A Lakers' postseason without Kobe Bryant was a strange sight
The Los Angeles Lakers just completed their first postseason without Kobe Bryant in a long time. What a weird thing to see.
It feels like the last time the Los Angeles Lakers played a playoff series without Kobe Bryant, Magic Johnson was on the team.
Wait: The last time the Lakers played a playoff series without Bryant, Magic was on the team. In January 1996, Magic came back from his HIV-induced retirement from the game of basketball in 1991 and helped the Lakers over the last three months of the season. The Lakers won 53 games and locked themselves into a 4-5 first-round matchup with the Houston Rockets. The Lakers ended up losing the series 3-1.
Two months later, the Lakers traded Vlade Divac to the Charlotte Hornets for some skinny kid that came straight out of high school to be the 13th pick in the 1996 NBA Draft. Since that time, the Lakers had played 223 playoff games in 15 of the last 16 postseasons before these 2013 playoffs.
In their four games against the San Antonio Spurs, the Lakers had to deal with postseason life without Kobe Bryant for the first time in 17 years. Bryant's torn Achilles kept him from trying to keep life into a Lakers' season that never really got started (or it got started about nine different times when the team tried to hit an imaginary reset button). They battled injuries, changed coaches, argued with each other, and still managed to make the seven seed in the Western Conference.
What we're used to seeing from the Los Angeles Lakers is success and star-driven success at that. Sure, we've seen plenty of big shots from Robert Horry and Derek Fisher over the years. We saw Trevor Ariza have a big postseason once. Rick Fox used to regularly make big contributions. But for the most part, we've seen Shaquille O'Neal overpower and Kobe Bryant shred their opponents.
Bryant's foothold in playoff heroics has weakened over the years, but he's always been around. He's laced up his signature sneakers, donned the 8 or 24 jerseys, and gone out there to bring highlights to the all-time playoff reels. He's a staple of the postseason, either drawing your ire or your admiration -- maybe both at times. We've waited for him to isolate, take a pull-up jumper in big moments, and either confirm or deny your expectations with him.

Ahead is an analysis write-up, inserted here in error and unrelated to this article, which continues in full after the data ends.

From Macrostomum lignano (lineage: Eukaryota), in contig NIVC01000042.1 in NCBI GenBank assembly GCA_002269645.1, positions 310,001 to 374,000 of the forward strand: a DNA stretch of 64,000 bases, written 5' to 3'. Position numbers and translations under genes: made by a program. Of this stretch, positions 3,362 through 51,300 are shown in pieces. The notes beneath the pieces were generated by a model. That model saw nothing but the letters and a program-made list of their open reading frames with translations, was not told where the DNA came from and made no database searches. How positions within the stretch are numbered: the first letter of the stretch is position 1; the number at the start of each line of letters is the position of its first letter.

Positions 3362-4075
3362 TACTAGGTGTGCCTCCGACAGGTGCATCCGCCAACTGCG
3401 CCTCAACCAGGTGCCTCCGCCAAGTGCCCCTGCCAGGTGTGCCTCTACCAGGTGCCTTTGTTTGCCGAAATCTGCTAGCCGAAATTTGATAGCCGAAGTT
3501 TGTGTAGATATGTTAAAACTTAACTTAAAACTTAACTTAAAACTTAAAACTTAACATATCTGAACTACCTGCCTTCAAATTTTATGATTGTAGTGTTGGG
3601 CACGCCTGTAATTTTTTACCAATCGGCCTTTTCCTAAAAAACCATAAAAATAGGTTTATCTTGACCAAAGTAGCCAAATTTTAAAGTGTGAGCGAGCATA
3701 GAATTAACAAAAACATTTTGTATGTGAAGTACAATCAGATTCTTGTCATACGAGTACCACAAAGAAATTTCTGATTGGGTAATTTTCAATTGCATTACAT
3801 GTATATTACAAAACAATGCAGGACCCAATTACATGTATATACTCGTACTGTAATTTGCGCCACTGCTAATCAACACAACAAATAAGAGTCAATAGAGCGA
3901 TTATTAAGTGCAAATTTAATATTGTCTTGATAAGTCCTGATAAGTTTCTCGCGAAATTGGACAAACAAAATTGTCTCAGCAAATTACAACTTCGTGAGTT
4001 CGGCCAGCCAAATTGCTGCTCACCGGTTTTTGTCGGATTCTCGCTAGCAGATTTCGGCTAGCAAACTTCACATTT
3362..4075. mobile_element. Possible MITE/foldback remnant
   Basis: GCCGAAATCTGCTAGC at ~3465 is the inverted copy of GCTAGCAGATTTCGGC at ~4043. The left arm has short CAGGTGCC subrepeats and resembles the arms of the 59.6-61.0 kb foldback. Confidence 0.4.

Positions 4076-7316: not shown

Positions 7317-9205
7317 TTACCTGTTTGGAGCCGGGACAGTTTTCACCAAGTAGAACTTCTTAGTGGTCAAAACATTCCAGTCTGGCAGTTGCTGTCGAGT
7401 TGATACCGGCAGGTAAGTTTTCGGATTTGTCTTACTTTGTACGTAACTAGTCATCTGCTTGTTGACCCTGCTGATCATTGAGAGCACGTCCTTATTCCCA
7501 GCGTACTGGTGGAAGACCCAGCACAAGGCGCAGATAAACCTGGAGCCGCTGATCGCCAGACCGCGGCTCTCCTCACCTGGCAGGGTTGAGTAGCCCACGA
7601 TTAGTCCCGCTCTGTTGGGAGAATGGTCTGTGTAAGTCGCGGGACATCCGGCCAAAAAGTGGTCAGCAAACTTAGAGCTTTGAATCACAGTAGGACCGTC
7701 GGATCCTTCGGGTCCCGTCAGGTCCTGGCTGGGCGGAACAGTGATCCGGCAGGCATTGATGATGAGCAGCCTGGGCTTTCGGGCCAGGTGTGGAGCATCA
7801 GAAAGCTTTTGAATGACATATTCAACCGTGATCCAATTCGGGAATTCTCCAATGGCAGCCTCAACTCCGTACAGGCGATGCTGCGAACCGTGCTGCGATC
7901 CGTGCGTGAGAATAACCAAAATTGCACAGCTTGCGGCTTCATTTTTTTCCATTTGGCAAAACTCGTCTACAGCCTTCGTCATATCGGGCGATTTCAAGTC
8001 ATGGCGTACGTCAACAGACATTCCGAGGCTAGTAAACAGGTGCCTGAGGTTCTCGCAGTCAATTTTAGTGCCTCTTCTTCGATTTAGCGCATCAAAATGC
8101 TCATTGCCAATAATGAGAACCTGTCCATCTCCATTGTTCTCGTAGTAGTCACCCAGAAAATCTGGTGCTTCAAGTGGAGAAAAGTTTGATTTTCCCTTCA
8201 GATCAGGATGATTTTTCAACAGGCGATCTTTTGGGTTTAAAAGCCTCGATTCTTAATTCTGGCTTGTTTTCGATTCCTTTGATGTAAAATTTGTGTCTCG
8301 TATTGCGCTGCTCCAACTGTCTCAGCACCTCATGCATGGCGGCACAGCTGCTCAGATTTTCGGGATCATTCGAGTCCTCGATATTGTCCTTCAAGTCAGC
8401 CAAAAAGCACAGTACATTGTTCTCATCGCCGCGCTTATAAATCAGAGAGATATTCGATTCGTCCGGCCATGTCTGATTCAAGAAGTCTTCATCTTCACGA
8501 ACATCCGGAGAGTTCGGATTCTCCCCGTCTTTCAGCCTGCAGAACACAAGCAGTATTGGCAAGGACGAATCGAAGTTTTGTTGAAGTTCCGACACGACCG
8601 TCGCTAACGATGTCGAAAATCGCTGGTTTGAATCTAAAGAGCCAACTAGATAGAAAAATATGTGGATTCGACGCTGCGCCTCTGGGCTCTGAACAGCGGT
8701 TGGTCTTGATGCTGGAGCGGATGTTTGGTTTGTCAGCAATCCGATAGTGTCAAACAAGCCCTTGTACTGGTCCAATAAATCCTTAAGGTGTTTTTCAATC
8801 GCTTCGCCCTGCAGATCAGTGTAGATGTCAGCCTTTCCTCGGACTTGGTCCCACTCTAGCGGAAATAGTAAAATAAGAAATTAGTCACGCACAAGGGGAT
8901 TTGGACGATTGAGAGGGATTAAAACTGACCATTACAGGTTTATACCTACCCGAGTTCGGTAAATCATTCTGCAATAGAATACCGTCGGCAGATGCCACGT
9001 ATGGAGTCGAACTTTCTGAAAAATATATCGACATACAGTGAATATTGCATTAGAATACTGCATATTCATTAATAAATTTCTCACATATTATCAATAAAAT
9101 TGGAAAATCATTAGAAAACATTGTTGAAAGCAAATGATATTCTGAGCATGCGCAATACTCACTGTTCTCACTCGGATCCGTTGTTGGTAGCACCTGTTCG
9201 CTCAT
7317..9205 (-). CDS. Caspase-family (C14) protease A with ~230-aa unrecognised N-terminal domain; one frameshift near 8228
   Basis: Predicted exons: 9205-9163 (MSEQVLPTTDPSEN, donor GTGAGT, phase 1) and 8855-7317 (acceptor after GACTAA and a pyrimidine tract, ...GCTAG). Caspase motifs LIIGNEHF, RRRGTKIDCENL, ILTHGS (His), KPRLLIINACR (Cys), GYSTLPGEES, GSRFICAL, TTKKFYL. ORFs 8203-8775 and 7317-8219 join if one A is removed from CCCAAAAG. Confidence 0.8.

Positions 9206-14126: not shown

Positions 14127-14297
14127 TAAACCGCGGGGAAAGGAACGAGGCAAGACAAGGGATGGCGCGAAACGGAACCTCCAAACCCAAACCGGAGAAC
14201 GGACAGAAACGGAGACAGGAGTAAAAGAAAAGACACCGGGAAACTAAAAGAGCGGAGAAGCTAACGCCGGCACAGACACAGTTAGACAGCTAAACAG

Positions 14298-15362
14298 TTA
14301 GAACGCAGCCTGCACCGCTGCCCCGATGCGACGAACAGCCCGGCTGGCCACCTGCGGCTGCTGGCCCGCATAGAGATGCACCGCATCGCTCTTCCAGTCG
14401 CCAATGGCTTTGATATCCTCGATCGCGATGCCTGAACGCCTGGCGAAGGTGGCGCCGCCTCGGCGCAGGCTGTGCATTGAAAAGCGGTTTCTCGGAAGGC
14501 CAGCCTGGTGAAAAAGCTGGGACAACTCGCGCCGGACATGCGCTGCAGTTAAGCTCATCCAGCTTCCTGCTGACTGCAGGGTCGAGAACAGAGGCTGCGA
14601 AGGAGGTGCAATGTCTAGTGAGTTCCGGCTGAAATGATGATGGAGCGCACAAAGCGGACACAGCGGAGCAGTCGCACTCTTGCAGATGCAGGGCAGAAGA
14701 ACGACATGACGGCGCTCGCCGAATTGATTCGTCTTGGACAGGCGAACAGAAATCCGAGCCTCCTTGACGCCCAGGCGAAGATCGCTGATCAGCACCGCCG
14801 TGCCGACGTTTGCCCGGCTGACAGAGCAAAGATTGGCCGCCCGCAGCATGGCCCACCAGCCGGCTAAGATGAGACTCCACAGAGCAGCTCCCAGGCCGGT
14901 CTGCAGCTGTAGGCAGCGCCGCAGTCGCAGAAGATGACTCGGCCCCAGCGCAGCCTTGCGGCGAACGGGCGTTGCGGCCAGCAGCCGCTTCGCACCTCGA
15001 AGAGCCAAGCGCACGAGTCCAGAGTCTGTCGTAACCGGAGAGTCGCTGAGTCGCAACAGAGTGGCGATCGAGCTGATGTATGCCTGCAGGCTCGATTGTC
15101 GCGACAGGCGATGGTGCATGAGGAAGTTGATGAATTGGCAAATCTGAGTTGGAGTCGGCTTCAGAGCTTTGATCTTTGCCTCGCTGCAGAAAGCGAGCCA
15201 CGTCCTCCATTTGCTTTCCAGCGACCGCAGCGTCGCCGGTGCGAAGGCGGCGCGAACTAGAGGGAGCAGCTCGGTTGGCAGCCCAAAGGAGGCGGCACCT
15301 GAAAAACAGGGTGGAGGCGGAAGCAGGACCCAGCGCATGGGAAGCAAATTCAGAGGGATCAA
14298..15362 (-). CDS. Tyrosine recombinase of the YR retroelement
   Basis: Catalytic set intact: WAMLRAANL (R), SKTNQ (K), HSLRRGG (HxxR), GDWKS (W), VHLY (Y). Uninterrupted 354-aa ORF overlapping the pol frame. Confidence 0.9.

Instead of seeing him in the Lakers' starting lineup, we saw him on Twitter and we saw him crutch over to the Lakers' bench. But we never got to see him on the court. Jodie Meeks was out there before an ankle injury. Steve Blake was out there before a hamstring injury. We saw Steve Nash before he had to sit down because an epidural wasn't enough relief for him to play.
We even saw the vaunted Darius Morris-Andrew Goudelock backcourt that made a few Lakers fans wonder if Smush Parker had any plans on game night. There was always a giant hole on the court in their four pathetic games against the Spurs, and it wasn't just in the team's defense. It was a void of drama and expertise that always seemed to fuel our viewership in some distinct way.
A Lakers' playoff series without Kobe Bryant was weird. It was like seeing the Louvre without the Mona Lisa or a Fast & Furious movie without Vin Diesel. It was just strange to see a postseason without someone who has been such a gigantic part of the postseason from the time he was airballing big shots against the Utah Jazz to winning five titles to having the torch taken from them in 2012 by the Oklahoma City Thunder.
It's also something we're going to have to start getting used to. When Bryant comes back from that torn Achilles some time next season, we don't know what he'll be as a player. We don't know if he'll pick up where he left off or if he'll struggle to find a quick enough first step to allow him to still get room for his incredible skill set. He might have one more year or two more years or whatever his body and mind will allow him to commit to.
However, we're at the end of his time in the NBA, which means we have to start focusing on new staples of the playoff season. It's not a hard thing to do, necessarily.
It's just an unusual sight to see.
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